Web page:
When my three boys where younger, there were lots of battles. I know what you’re thinking: lots of fights and all kinds of physical stuff. Not really. Their fights were more intellectual, including one argument over an imaginary piece of paper. I’m still trying to figure that one out. Nevertheless, after each argument, strangely, each would characterize the events differently. In a way, they were recharacterizing what happened, so they could have the pleasure of seeing the other one punished!
For you, recharacterization should conjure up an image of something that could be quite beneficial. Essentially, the Internal Revenue Service (IRS) grants you a do-over if, after completing a Roth conversion, you want to take it back.
A Roth conversion occurs when you convert funds from a traditional IRA to a Roth account. Conversion does NOT come without a price. When you do it, you are removing money from a tax-deferred account, so you will pay some income tax.
After converting the funds, some people have second thoughts - much like my wife probably did after we exchanged wedding vows. In your case, the remorse might stem from any of the following reasons.
1) Value of your investments decline in the converted Roth IRA.
2) Taxable income is much higher than you expected and/or additional income from the Roth IRA conversion bumps you into a higher tax bracket.
3) Taxable income in retirement will likely be lower than expected, reducing the potential benefits of a Roth IRA’s tax-free distributions. (By the way, this is a myth, and I find that this lower tax bracket nonsense is rarely the case. Most retirees end up in the same or a higher bracket in retirement.)
Wanting to recharacterize because of a decline in investment value is common, so let’s examine that one.
Let’s say you convert $50,000 and your tax rate for the conversion is 25%. You would pay $12,500 in tax. (A bitter pill to swallow, but you’re going to pay the tax eventually!) Assume the converted amount is invested and doing nicely at the time you make that election. Shortly thereafter, the market drops 20%, and your stock fund takes a big hit. Now, the $50,000 is worth $40,000, and you have paid an extra $2,500 in tax. (A drop of $10,000 x 25%). Now, you’re steaming mad because you know that paying too much tax is not a good wealth accumulation strategy!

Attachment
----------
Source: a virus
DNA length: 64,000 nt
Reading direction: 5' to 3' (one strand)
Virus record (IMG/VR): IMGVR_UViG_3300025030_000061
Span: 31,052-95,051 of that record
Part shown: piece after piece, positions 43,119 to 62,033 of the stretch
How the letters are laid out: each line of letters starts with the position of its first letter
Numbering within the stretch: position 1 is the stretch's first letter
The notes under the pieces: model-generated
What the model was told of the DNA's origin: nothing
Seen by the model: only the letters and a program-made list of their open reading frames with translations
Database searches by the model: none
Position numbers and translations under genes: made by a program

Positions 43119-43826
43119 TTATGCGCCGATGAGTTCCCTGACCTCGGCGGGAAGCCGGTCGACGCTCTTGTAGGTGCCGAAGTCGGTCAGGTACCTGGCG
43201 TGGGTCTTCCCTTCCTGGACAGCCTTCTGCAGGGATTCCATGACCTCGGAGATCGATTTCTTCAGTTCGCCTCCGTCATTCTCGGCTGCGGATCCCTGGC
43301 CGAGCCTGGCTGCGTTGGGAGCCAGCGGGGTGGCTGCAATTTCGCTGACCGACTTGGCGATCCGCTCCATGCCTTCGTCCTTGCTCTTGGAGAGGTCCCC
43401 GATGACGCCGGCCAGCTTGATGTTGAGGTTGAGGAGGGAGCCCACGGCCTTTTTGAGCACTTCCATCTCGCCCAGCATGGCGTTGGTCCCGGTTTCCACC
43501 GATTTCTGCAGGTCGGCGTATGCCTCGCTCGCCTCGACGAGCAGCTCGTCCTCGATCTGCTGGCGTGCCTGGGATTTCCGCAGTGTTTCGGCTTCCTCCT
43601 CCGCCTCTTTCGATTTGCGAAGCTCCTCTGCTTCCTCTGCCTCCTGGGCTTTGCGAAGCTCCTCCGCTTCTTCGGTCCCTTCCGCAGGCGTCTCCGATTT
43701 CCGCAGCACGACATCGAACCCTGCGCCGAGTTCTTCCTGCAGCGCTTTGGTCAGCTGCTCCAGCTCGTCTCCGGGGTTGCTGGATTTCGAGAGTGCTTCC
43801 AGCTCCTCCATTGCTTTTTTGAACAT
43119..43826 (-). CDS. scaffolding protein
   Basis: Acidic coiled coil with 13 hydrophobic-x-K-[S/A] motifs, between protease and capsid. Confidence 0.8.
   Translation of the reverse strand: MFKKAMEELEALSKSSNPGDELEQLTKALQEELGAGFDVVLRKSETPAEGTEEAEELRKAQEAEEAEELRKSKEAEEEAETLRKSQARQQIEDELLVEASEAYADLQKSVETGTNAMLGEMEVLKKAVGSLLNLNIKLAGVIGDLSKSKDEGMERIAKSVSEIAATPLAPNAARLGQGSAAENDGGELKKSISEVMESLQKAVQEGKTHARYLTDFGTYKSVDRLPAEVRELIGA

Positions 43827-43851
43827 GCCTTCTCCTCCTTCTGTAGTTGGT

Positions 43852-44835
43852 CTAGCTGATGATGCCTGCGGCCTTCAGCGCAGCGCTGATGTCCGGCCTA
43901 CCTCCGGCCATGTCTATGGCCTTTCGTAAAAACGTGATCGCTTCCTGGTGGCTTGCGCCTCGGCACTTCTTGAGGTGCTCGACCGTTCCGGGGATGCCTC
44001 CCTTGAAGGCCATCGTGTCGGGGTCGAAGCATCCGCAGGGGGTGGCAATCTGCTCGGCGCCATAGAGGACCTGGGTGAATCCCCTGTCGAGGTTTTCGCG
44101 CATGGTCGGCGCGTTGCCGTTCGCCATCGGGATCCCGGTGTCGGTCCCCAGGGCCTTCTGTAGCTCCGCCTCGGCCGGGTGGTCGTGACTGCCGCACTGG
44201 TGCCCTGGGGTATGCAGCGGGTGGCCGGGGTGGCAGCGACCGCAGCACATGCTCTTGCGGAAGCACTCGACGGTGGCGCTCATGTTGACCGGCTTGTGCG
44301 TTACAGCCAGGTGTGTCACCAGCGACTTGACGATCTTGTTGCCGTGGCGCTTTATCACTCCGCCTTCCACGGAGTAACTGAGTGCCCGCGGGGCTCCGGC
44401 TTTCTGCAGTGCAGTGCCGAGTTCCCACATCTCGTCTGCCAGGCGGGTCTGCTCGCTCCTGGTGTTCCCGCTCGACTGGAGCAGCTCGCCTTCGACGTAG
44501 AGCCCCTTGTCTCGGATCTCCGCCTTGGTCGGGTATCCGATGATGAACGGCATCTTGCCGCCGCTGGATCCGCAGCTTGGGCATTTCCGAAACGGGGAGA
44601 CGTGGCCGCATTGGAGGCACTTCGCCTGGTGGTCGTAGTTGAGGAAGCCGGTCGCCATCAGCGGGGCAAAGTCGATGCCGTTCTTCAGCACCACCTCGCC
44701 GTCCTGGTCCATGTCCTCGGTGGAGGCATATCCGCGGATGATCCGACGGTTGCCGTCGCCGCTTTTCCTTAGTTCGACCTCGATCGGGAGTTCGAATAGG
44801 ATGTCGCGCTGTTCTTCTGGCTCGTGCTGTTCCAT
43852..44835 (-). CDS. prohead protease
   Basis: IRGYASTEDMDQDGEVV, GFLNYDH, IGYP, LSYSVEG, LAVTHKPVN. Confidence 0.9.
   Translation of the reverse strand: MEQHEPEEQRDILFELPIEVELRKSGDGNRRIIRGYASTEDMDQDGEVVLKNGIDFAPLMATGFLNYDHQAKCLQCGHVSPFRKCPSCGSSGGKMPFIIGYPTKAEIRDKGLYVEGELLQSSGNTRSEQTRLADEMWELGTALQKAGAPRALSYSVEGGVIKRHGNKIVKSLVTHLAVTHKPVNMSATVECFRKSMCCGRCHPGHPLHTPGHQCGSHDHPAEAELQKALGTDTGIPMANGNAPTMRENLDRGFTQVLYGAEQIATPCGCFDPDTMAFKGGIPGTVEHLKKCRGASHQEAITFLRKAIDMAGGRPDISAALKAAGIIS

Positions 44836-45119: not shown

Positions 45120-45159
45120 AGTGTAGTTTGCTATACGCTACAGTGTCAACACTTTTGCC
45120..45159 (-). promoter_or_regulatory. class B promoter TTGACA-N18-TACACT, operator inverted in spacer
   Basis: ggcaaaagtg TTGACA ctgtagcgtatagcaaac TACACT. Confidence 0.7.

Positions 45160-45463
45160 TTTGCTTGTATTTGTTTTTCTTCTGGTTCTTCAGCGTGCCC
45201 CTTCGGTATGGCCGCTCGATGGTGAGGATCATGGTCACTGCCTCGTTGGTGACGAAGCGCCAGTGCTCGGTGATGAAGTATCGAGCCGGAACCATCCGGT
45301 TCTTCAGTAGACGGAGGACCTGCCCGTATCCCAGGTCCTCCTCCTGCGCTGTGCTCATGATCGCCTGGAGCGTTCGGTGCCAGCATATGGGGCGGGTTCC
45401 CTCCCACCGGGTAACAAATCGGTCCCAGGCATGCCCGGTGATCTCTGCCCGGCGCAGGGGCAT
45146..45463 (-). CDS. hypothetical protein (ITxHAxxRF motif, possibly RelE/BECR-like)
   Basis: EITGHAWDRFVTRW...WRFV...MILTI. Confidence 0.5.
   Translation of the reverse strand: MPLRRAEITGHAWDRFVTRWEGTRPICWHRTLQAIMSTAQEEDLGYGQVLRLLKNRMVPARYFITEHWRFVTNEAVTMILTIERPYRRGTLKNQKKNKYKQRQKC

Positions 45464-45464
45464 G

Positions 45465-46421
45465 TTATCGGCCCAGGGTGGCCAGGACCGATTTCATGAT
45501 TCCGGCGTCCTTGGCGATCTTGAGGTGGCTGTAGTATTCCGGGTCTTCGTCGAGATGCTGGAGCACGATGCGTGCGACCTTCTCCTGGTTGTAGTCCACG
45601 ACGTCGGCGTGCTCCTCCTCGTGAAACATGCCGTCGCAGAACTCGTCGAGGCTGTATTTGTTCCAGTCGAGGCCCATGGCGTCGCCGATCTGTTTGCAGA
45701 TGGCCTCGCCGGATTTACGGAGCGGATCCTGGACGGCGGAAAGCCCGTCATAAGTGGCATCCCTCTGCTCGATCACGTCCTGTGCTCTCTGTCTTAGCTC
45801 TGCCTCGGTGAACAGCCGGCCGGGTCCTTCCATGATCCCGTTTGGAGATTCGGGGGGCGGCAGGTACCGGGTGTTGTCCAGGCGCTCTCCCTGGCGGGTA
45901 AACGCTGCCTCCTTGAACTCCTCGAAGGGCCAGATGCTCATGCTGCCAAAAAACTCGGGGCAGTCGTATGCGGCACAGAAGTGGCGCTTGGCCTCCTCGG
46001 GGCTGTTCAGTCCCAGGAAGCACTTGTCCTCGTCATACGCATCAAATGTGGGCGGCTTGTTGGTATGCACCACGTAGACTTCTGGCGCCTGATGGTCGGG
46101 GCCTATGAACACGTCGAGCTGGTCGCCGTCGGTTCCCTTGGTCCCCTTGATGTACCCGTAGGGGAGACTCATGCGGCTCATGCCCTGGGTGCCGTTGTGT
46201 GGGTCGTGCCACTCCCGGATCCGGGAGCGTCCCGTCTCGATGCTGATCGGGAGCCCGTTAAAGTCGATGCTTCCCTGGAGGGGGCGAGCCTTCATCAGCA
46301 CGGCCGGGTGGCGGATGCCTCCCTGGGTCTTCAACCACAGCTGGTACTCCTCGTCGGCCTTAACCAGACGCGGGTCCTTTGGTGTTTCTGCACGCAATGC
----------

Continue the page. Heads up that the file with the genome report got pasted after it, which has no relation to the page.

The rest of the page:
Fortunately, the IRS allows some relief when this occurs:
A recharacterization allows you to “undo” or “reverse” a rollover or conversion to a Roth IRA. You generally tell the trustee of the financial institution holding your Roth IRA to transfer the amount to a traditional IRA, effectively ignoring the Roth IRA contribution.
Generally, you can recharacterize your rollover or conversion by October 15th of the following year, regardless of whether or not you requested an extension to file your tax return. For example, for your conversion to a Roth IRA in 2016, you have until Oct. 15, 2017, to recharacterize.
Many people like to have some fun with this by trying to pay the lowest tax possible. Then, they ask: When can we convert again?
If you recharacterize all or part of a rollover or conversion to a Roth IRA, you cannot reconvert the amount recharacterized to the same or another Roth IRA until:
1) 30 days after the recharacterization, or
2) Year following the year of the rollover or conversion
Sounds like great fun! Whatever you do, keep good records on what you’re doing. It’s easy to get tripped up, and you don’t need any hassles if the IRS comes calling.
That’s just the way it works!